Editing a gradient transparency path is similar to editing a comparable fill path. Adding a level of transparency means varying the transparency gradient by introducing a new node and assigning it a particular value. For transparencies with multiple nodes, each node has its own value, comparable to a key color in a gradient fill. Note that you cannot alter the values in a bitmap transparency.

To edit a gradient transparency directly:

  1. Select the object and set the Transparency tab’s Fill/Line swatch as before.

  2. Click PagePlus tbr attributes transparencytool Working with transparency Transparency Tool on the Attributes toolbar. The object’s transparency path appears on the fill or line, with start and end nodes.

  3. To add a transparency node, drag from any solid transparency sample in the Transparency tab to the point on the path where you want to add the node.

    PagePlus trans2 Working with transparency

    The higher the percentage value assigned to a transparency node, the more transparent the effect at that point. Note: The hue of the color doesn’t matter, only its percentage value—so it’s much easier just to choose from the set of gallery thumbnails.

  4. To change the transparency value of any existing node, including the start and end nodes, select the node and click on a new thumbnail in the Transparency tab’s Solid transparency gallery (you can also drag your chosen thumbnail onto the selected node)

  5. To move a node you’ve added, simply drag it to a new position along the transparency path.

  6. To delete a node you’ve added, select it and press Delete.

To edit a gradient transparency using a dialog:

  1. Right-click the object with gradient transparency and choose Format>Transparency….
    – or -
    Select the object and choose Transparency…. from the Format menu.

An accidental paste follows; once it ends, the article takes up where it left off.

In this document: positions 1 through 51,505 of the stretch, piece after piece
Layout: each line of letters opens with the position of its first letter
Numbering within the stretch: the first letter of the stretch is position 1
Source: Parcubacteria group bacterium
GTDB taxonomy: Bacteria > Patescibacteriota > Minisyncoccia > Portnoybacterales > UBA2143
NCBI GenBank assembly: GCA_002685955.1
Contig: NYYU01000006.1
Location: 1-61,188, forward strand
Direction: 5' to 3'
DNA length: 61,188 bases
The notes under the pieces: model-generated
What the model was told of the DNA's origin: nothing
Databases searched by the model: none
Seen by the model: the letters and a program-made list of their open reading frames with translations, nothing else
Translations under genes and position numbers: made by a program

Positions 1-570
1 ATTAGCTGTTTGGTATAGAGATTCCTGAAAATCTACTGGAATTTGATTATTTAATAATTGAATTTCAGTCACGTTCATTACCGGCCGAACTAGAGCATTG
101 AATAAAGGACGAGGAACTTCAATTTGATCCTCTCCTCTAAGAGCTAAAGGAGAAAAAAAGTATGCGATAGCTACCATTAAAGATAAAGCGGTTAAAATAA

2. In the dialog, click the Edit button. An Object Transparency dialog appears displaying the gradient, with pointers marking the nodes that define specific opacity values, and a gallery with thumbnails, each representing an opacity value.

  • To add a node, click either on the gradient or just below it, where you want to place the new node. A new pointer appears. Note that the new pointer’s arrow is black, indicating that it’s selected; unselected pointers have white arrows.

  • To change the value of a node, click to select its pointer, then click the grayscale sample for the value you want.

  • To move a node (except the end nodes), simply drag its pointer to a new position along the gradient.

  • To delete a node (except the end nodes), right-click its pointer.

  1. Click OK to accept changes, or Cancel to abandon changes.

Changing the set of gallery transparencies

To add an object’s transparency to the Transparency tab:

  • Right-click the object and choose Format>Add Transparency to Studio, or select the same command from the Format menu.

A new thumbnail will subsequently appear at the bottom of the appropriate gallery in the Transparency tab. Solid transparencies will be added to the Solid transparency gallery, and gradient transparencies to a gradient gallery. You can also add new transparencies or delete any of the existing gallery transparencies (covered in the Transparency tab topic).

The bitmap transparency type features its own gallery of preset “texture maps,” based on the bitmap fills available on the Swatches tab. Adding bitmap transparencies to the gallery is the same as adding bitmap fills.

Setting the default transparency

The default transparency means the transparency that will be applied to the next new object you create. Local defaults only affect objects in the current project. For information on setting defaults in PagePlus, see Updating and saving defaults.

Setting single-level transparency

You can designate any one color of a bitmap or metafile image as a transparent color. This single-level transparency technique can be a useful alternative to cropping if there’s a solid color surrounding the area of interest. Transparency is especially useful if you’re preparing a publication for the web or some other non-paper format, and need to place an odd-shaped logo or graphic over some other element.

  • When exporting low-color web images with single-level transparency, the GIF format (see About web picture formats) works well.

To set picture transparency:

  1. Select the picture and click the PagePlus tbr contextpicture transparentcolour Working with transparency Transparent Color button on the Picture context toolbar.

  2. Left-click on the image and drag with the tool to magnify pixels under the cursor. Release the mouse button to mark the color under the cursor as transparent. Note: Before clicking, you can press Esc to cancel the tool.

    – or -

  3. Right-click the picture and choose Properties, then Picture Transparency….

Working with transparency